The point is, Germany is unique, but not so unique that they only have occasion to discover racism if it’s pointed out by an immigrant from the United States. People who have allegedly lived here for years can’t have missed the political slogans like Kinder Statt Inder (“Children instead of Indians” CDU 2000), Wer betrügt, der fliegt (“Cheaters have to leave,” a reference to racist stereotypes about Roma, CSU 2013) and of course the litany of racist slogans, policies and scandals by the largest opposition party in the Bundestag, the AfD. I suppose a semi-conscious person cannot also miss the endless parade of nazi scandals plaguing the police, Bundeswehr, BAMF and more (a recent scandal had police exchanging doctored pictures of Black refugees in ovens).

Racism in the Ausländerbehörde

Even someone who has just moved here has occasion to find this out, because the one thing all we (non-EU) foreigners have in common is a trip to the place where the institutional racism that troubles Germany’s stable bureaucracy is most utterly apparent, the foreigner’s office, or Ausländerbehörde.

The Ausländerbehörde, (now relabeled in a friendlier tone “Landesamt für Einwanderung”) is a truly wretched institution that has caused deep despair for thousands of people. It is a place where dreams go to die and relationships are forced to end. It is place of long, anxious waits in the cold at dawn and then in rooms stinking of desperation, diapers and tears. It’s a place where the testimony of abusers is decisive over whether their ex gets to remain in the country. It’s a place where petty, vindictive office workers casually destroy lives. And above all, it is a place where institutional racism and xenophobia are on full display.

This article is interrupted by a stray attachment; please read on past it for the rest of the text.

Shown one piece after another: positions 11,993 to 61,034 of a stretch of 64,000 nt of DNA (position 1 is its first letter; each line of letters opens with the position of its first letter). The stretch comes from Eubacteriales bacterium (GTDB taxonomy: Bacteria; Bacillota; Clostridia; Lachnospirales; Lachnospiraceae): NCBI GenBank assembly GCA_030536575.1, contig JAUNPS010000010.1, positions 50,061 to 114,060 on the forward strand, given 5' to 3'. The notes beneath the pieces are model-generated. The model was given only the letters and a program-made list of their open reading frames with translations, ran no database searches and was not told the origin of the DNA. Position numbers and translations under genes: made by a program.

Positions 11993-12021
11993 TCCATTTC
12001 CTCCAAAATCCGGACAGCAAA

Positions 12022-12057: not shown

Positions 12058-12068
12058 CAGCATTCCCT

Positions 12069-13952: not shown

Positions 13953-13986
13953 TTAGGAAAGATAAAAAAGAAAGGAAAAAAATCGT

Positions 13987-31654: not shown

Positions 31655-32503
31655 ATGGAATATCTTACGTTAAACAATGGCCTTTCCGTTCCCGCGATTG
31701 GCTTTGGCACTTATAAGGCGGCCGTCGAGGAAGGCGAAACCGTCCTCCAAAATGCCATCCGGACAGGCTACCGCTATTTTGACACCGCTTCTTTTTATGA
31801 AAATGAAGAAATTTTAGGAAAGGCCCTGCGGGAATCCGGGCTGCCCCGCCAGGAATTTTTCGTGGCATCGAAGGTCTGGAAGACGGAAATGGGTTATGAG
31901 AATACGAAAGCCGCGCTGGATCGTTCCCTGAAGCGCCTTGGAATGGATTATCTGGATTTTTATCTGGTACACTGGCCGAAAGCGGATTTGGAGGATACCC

Anyone who has ever been there knows the drill. You go there at 5am (or earlier) because there are not appointments available for 8 months. You bring every document you have ever possessed, plus ones that don’t exist in other countries, like a document stating you aren’t married. (Apparently in Germany this document is issued fresh daily until the day you marry, other countries just aren’t as organized.) You bring a wad of cash (they won’t tell you how much in advance) because there is no ATM on premises, they don’t accept cards, and if you leave the building you forfeit your place in line. The clerks aren’t allowed to speak any other language than German to you, supposedly because you might be able to sue them if they say something wrong in non-Deutsch. There is no concern about the legal implications of forcing people to fill out documents in a language they don’t understand, or accidentally deporting them because of a linguistic misunderstanding. Oops! If you do speak German then they speak twice as fast and refuse to explain any bureaucratic terms that are over your head. This language issue is made worse by the fact that they so frequently get the law wrong, and jump to the conclusion that they can deport you for things like separating from your partner or not having an international marriage certificate translated. For this reason, one of my friends who is a lawyer always prints out the relevant laws to help the clerks do their job. Other people without a law degree might not be so well-equipped to deal with this.

Above all is the overall sentiment, reiterated in every interaction, that the employees of the Ausländerbehörde are just waiting for the opportunity to make you leave, rooted in a deep-seated belief, reinforced by the law, that foreigners only arrive in this country to take from the real Germans, and that the darker your skin color is the more likely that is true.